Year Released: 2016
Directed by: Florian Gallenberger
Starring: Emma Watson, Daniel Bruhl, Michael Nygvist
(R, 110 min.)
Genre: Mystery and Suspense
“We must travel in the direction of our fear.” John Berryman
This tense South American thriller will keep you on edge until the very last moment. Which is worse, the David Koresh style commune above ground, or the torture chamber and chemical weapons below?
This film also benefits from its basis in reality, proving that truth, if not stranger, is just as interesting as fiction, without the endless subplots or twists and turns fiction write are addicted to. Other reality based excellence came from the recent Sully, which captured the psychic damage that haunts so many lauded as heroes. Or the award winning The Imitation Game about the eccentric genius who cracked the infamous Nazi Enigma Code and probably shortened World War II by 2 to 4 years. Not to mention The Theory of Everything, that exquisite film as brilliant as the mind of Stephen Hawking, the world-renowned theoretical physicist and heir to Einstein.
The setting for Colonia is Chile in 1973, right before Salvador Allende is overthrown by a military junta presided over by General Augusto Pinochet. In a supreme act of bad timing, Lena (Emma Watson), an air flight attendant for Lufthansa, uses her layover in Santiago to visit her boyfriend Daniel (Daniel Bruhl), who is an Allende advocate and activist.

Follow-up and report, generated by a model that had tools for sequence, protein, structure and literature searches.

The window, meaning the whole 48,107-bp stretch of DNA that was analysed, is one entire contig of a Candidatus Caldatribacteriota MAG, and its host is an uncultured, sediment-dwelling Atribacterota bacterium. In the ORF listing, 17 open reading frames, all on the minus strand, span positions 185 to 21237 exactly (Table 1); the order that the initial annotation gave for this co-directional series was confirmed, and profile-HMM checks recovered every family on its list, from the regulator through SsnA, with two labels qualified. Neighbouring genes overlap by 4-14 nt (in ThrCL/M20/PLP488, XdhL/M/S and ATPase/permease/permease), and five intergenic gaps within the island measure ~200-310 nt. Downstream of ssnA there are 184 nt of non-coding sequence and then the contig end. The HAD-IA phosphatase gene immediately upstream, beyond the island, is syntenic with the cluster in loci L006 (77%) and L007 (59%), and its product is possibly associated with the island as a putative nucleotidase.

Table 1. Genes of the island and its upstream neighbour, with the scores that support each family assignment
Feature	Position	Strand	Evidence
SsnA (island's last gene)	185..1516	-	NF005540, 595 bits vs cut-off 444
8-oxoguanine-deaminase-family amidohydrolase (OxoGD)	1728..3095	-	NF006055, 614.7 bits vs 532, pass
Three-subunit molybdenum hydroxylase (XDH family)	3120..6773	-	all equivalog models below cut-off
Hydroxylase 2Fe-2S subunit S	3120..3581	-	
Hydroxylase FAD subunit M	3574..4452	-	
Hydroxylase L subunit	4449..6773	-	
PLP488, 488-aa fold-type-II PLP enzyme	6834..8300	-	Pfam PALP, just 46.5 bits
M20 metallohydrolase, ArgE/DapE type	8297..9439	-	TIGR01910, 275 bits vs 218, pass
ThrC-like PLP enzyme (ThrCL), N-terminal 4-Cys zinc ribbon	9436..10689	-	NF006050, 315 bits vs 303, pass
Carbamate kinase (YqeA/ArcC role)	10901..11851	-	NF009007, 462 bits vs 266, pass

And while it’s not quite as bad as an invasion of Hogwarts Academy by the faceless Dark Prince, Voldemort, Lena’s layover is almost as agonizing for the ever-stalwart Hermione/Emma Watson. Gunshots interrupt her romantic interlude, Lena and Daniel fleeing his apartment, knowing he is now an enemy of the state. Daniel not only takes his very large and visible camera with him; he foolishly decides to start shooting pictures of the street carnage not 20 feet from the officers happily gunning down civilians right and left.
We wonder if this idiot even deserves to be saved from the secret police who obviously take him away, but love is blind, and Lena decides to rescue him from the Colonia Dignitad, a religious commune that covers for a torture camp for prisons.
She journeys to that camp several hundred miles from Santiago and joins it. It is austere to say the least. While Lena and Daniel’s characters are fiction, the details of the camp are real, just having been unsealed to the public in recent years:
Details of life in the colony are hard to verify. Some visitors have described a scene from 1930s Germany, with women wearing aprons, with their hair in pigtails, and men in lederhosen.
Former political prisoners of Gen Pinochet have testified to a warren of stone-walled tunnels under the colony, where they were taken to be tortured with electric shocks to the strains of Wagner and Mozart. –Becky Brandford
Men and women live separately, as do the children, who are taken from their mothers at a few months of age. Michael Nygvist, the Swedish actor who played the investigative journalist in The Girl with the Dragon Tattoo is the villain here, and he does a wonderful job, turning from stern manipulator to cajoling preacher in the blink of an eye.